Venda High Court (V)
Sits in Thohogandou

2.3.2) Local Divisions


- Same status as Provincial Divisions, but with smaller geographical area. Made for
convenience.
i)

Witwaterstrand Local Division (W)

Example:
You are involved in a car accident in Johannesburg. Both you and the other car victim live
in the surrounding areas. You are seriously injured and want to sue the other driver for
damages. You can go to the Witwaterstrand Local Division or Transvaal Provincial Division.
ii)
iii)

Durban and Coast Local Division (D)


South Eastern Cape Local Division (SE)

2.3.3) Powers of Provincial and Local Divisions


- Each court only has jurisdiction over its geographical area.
- Can hear all cases (civil, criminal, constitutional)
- Provincial and local divisions can sit as court of first instance.
- One judge sits with two assessors in a criminal case.
- Assessors are not judges (usually advocates or lawyers) who sit with the judge to
assist.
- Provincial Divisions can be appeal courts.
- Local Divisions cannot be appeal courts, except for the W.
- When they hear appeals from the magistrates court at least two judges must sit.
- Provincial Divisions (not W) can also hear appeals from a single judge of the same
division, or a local division in its area. In these cases, at least three (3) judges must
sit (=full bench).
Example:
You are tried in the Cape Provincial Division (C) by one judge. You want to appeal. You can
appeal again in the Cape Provincial Division with three judges on the bench. After that, you
can appeal to the SCA.
Example:
Case heard by Durban and Coast Local Division (D). You can appeal to Natal Provincial
Division (N) with three judges. Then you can appeal to the SCA.
2.4)

Magistrates Court
Page 3 of 86

2.4.1) Types of Magistrates Courts


- South Africa is divided into various magisterial districts (every four to six suburbs).
- Each magisterial district has a district magistrates court.
- Wynberg has a district magistrates court which encompasses Rondebosch,
Newlands, Claremont and Harfield.
- Some areas also have a regional magistrates court. (i.e. Wynberg)
- Each magistrates court has jurisdiction over its geographical area.
- Magistrates courts have magistrates not judges.
2.4.2) Powers of Districts Magistrates Court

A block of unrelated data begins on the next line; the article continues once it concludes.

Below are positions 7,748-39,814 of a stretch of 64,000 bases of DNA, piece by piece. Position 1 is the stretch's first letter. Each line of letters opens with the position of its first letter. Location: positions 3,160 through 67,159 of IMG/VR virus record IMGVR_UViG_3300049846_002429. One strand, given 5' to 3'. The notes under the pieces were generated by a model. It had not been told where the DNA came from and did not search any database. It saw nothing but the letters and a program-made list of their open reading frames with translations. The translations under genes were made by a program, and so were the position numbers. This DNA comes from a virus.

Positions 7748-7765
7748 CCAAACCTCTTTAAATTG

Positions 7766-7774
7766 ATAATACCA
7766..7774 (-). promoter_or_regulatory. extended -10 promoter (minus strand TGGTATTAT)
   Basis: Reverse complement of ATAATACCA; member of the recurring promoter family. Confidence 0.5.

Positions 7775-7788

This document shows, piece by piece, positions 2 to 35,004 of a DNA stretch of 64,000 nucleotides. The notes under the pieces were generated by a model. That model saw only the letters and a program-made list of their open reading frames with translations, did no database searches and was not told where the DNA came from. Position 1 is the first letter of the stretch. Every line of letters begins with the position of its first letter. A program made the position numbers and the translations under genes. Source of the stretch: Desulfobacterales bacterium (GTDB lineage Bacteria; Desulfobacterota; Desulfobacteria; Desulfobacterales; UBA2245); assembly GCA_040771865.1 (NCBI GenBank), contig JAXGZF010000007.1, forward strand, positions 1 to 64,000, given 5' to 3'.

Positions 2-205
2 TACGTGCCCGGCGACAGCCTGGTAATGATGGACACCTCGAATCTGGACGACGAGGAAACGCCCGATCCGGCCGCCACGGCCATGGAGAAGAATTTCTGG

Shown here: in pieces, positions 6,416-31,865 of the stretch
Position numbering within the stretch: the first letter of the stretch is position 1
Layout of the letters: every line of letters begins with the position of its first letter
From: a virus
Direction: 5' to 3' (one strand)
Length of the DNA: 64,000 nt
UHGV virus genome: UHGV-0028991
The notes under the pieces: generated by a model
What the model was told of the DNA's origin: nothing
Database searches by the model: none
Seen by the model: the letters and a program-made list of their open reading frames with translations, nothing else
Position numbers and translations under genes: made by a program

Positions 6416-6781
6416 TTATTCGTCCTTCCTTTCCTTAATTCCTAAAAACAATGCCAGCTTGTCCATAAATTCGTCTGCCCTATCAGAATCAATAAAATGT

- In criminal cases they cannot hear murder, rape or treason (big 3).
- They cannot hear a non-criminal case where the value of the claim is more than
R100000.
- No constitutional or appeal jurisdiction.
2.4.3) Powers of Regional Magistrates Court
- Only hear criminal cases except treason.
- No appeal jurisdiction, no constitutional or civil jurisdiction.
Example:
X, who lives in Cape Town, is charged with murder.
a) Where will his case be heard?
b) What are his avenues for appeal?
Option 1
a) Cape Town Regional Magistrates Court
b) Cape Provincial Division of High Court (2 judges), Supreme Court of Appeal,
Constitutional Court (only if given death penalty at SCA and cannot appeal guilty
verdict)
Option 2
a) Cape Provincial Division of High Court (1 judge + 2 assessors)
b) Cape Provincial Division of High Court (3 judges), Supreme Court of Appeal,
Constitutional Court (only if given death penalty at SCA and cannot appeal guilty
verdict)
Example:
X enters into contract with Y to buy Ys car got R1 000 000. They both live and work in
Cape Town. X does not pay on the due date and Y wants to sue him for the money. This is
not a crime.
a) What court will Y sue in and b) what are his avenues of appeal?
Cape Provincial Division (one judge)
Finds in favour of X
Cape Provincial Division (three judges)
Finds against Y
Supreme Court of Appeal
Y wins the case.

3)

Sources of South African Law


1. Legislation
Page 4 of 86

2.
3.
4.
5.
6.
3.1)

Roman-Dutch Law (common law)


Judicial Precedent (case law)
African Customary Law
Custom
Customary International Law
Legislation

3.1.1) Legislation and Interpretation of Statutes


- Legislation = acts of parliament = statutes
- Legislation takes precedence over all other sources of law except constitutional
law.
3.1.2) Types of Legislation
i)

The Constitution

ii)

Original Legislation
a) Acts of Parliament (e.g. Childrens Act of 2005)
b) Legislation passed by the provincial governments. Each province has its own
provincial government they can make laws on certain matters. e.g. education,
health

iii)

Delegated Legislation